Snow is peaceful.
This thought keeps resonating through my being as I experience my first-ever northeast winter. I find that I intensely love the raw beauty of the snow. Right now, the snow pack is about two feet deep, with drifts and piles from the snow plows that exceed 10 feet in height. I’m not quite gutsy enough, in this recovery from my knee replacement, to don snow pants and go sledding. Yet.
I’ve always wondered what the big deal was about New England winters. Living here, I finally understand. The snow is respected, but not feared. Nobody panics when a nor’easter comes through. There’s no huge lines at the store or anything. People prepare in advance to have the essentials — coffee, TP, and bread — on hand. Once the storm is imminent, people get home and settle in for the duration.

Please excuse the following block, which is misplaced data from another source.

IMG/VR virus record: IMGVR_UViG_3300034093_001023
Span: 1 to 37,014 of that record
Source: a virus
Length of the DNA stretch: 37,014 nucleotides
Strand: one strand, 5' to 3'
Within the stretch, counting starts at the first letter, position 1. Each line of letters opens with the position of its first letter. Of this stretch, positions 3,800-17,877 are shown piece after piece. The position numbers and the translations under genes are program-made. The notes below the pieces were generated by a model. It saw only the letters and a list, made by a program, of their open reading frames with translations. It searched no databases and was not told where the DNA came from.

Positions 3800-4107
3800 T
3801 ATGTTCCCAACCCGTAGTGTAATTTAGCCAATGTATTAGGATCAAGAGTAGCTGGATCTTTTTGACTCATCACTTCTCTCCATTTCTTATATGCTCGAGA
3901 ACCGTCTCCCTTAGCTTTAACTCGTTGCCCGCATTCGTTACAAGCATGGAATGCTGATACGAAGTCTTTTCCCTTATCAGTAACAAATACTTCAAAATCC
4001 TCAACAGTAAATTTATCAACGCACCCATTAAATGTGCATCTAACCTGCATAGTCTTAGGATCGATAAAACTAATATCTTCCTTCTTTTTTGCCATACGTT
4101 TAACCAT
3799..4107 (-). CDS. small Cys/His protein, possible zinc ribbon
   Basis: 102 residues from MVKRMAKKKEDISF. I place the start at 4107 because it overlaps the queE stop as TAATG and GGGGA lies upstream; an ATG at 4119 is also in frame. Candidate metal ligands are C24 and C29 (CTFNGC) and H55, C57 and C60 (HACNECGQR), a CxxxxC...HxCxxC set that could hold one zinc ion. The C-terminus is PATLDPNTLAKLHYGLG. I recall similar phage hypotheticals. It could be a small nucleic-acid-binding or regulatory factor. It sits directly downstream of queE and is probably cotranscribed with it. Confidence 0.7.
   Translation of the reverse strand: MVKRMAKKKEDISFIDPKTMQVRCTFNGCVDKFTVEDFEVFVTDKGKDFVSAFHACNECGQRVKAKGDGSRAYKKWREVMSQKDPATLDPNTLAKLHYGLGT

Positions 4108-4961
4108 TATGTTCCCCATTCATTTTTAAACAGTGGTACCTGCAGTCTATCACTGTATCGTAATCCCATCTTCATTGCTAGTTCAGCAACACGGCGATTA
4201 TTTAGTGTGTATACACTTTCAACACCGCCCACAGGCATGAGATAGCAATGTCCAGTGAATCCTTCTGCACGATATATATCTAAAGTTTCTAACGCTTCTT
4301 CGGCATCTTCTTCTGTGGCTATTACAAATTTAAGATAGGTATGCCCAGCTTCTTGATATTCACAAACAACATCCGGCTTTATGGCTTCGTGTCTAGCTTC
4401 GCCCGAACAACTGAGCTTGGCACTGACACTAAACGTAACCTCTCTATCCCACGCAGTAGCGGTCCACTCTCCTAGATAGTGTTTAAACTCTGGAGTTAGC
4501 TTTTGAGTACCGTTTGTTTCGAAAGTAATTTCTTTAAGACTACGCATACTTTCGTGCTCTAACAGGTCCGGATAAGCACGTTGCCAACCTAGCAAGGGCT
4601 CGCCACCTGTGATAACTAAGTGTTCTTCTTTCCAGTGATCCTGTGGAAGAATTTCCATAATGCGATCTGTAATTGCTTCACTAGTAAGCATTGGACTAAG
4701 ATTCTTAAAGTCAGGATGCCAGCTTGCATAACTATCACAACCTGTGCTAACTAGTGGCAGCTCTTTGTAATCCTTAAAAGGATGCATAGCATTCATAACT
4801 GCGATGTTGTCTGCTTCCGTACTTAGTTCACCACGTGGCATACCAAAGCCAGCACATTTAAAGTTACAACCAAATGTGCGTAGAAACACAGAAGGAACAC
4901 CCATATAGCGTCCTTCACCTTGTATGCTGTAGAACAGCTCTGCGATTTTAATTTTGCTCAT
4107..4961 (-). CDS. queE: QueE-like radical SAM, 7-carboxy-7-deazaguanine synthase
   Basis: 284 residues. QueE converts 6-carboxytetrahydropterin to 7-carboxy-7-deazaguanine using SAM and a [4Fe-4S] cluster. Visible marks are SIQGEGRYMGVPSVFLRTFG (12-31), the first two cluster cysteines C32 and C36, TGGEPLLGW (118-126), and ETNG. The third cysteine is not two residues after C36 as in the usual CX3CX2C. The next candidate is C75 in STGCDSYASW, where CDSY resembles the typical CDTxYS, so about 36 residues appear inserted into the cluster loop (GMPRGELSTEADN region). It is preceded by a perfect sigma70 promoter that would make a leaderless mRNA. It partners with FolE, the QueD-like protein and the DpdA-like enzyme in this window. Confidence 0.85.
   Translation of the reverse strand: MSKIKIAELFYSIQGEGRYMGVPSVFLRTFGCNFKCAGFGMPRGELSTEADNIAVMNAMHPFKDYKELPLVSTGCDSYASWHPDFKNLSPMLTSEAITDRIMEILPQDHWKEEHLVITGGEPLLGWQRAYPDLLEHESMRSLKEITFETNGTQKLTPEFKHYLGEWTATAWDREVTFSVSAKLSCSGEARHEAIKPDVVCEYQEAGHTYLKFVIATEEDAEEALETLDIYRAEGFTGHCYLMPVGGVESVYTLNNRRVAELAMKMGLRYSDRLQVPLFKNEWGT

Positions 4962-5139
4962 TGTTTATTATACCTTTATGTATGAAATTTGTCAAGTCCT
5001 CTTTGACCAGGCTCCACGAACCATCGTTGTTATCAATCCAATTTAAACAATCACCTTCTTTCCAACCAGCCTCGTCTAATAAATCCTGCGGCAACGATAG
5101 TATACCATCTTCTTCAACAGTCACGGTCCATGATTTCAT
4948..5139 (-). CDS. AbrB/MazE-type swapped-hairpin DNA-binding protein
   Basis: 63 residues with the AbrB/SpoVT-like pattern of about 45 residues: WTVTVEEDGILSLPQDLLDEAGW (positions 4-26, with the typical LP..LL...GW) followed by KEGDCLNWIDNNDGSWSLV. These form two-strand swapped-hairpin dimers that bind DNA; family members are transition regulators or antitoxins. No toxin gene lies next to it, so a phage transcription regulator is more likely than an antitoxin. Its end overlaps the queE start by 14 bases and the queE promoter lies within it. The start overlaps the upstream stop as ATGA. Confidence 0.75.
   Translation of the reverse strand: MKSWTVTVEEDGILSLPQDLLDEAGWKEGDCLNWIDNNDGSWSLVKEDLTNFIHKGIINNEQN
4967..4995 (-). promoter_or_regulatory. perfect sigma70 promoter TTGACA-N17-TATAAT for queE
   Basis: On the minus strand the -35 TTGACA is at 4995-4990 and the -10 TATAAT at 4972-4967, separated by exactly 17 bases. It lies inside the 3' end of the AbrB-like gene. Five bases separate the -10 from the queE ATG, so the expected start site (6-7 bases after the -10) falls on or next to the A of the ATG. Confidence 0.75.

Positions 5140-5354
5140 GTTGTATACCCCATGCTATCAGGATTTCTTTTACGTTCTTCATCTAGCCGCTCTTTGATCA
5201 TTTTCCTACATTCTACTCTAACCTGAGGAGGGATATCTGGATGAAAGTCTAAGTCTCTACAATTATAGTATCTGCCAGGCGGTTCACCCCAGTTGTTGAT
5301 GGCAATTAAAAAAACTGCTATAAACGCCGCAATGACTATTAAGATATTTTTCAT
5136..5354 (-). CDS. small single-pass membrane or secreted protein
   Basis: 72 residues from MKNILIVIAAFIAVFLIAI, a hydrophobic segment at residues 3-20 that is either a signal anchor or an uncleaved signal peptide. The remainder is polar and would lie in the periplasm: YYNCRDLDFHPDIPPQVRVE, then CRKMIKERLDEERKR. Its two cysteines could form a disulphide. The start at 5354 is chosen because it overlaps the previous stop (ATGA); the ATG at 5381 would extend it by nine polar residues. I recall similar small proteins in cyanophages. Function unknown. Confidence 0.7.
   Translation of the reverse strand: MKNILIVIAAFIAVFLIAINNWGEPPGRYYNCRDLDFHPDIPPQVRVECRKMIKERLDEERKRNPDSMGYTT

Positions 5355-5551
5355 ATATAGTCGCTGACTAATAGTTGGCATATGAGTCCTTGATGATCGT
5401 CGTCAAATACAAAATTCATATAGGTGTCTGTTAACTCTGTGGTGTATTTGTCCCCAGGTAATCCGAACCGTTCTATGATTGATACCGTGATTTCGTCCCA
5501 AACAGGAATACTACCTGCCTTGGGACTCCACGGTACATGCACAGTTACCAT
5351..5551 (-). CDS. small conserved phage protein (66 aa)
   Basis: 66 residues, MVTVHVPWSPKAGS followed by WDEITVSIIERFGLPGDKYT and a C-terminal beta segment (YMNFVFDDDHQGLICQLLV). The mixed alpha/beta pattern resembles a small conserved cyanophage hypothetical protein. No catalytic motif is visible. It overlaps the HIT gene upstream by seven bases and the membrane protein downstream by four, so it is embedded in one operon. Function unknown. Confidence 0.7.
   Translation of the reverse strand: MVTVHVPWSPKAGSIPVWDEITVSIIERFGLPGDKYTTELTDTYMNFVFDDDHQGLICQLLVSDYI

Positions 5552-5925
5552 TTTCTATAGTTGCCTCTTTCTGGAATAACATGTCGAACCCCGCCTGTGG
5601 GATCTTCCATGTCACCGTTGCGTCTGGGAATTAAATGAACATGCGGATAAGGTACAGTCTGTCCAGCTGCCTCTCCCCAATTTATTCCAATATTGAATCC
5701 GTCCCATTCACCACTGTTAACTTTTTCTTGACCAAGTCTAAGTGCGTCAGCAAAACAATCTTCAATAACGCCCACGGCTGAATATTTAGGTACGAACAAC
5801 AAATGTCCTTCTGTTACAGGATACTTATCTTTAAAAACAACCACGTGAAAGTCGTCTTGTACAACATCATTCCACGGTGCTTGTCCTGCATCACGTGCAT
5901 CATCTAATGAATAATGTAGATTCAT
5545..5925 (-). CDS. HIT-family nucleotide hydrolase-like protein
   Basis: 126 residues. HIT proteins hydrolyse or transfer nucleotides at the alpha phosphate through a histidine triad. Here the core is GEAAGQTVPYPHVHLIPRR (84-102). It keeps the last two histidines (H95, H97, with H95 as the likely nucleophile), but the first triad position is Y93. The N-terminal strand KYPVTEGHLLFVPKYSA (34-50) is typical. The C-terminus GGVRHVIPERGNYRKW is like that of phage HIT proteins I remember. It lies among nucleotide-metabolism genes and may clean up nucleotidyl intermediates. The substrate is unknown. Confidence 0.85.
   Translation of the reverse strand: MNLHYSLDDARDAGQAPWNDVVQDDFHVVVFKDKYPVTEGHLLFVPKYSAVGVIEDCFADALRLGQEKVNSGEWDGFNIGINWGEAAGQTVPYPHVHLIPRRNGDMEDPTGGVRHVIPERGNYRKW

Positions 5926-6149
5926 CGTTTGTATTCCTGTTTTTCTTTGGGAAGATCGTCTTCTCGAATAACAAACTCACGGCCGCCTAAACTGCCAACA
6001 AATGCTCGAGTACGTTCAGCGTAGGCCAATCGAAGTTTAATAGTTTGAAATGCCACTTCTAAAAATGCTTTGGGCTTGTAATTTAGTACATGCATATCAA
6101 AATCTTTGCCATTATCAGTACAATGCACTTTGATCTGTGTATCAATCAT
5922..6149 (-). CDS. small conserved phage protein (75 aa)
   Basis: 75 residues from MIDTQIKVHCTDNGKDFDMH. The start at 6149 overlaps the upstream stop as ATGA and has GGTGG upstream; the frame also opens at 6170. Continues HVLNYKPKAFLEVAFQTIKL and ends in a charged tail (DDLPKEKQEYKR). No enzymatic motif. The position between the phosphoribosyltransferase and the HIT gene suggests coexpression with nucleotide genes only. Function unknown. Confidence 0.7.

Then the snow falls silently, blanketing the area with its majesty. It amazes me how it coats the tree branches like the “flocking” of Christmas trees from my childhood (no, we never had a flocked tree, but I always wondered why people liked them). The morning after the storm, if it’s sunny, the snow in nearby fields looks like shimmering white velvet. It crunches underfoot to proclaim winter’s majesty.
My favorite view is from my couch with a cup of something warm and a purring cat. I’m no dummy — watching it from the warm comfort of my home is the best part.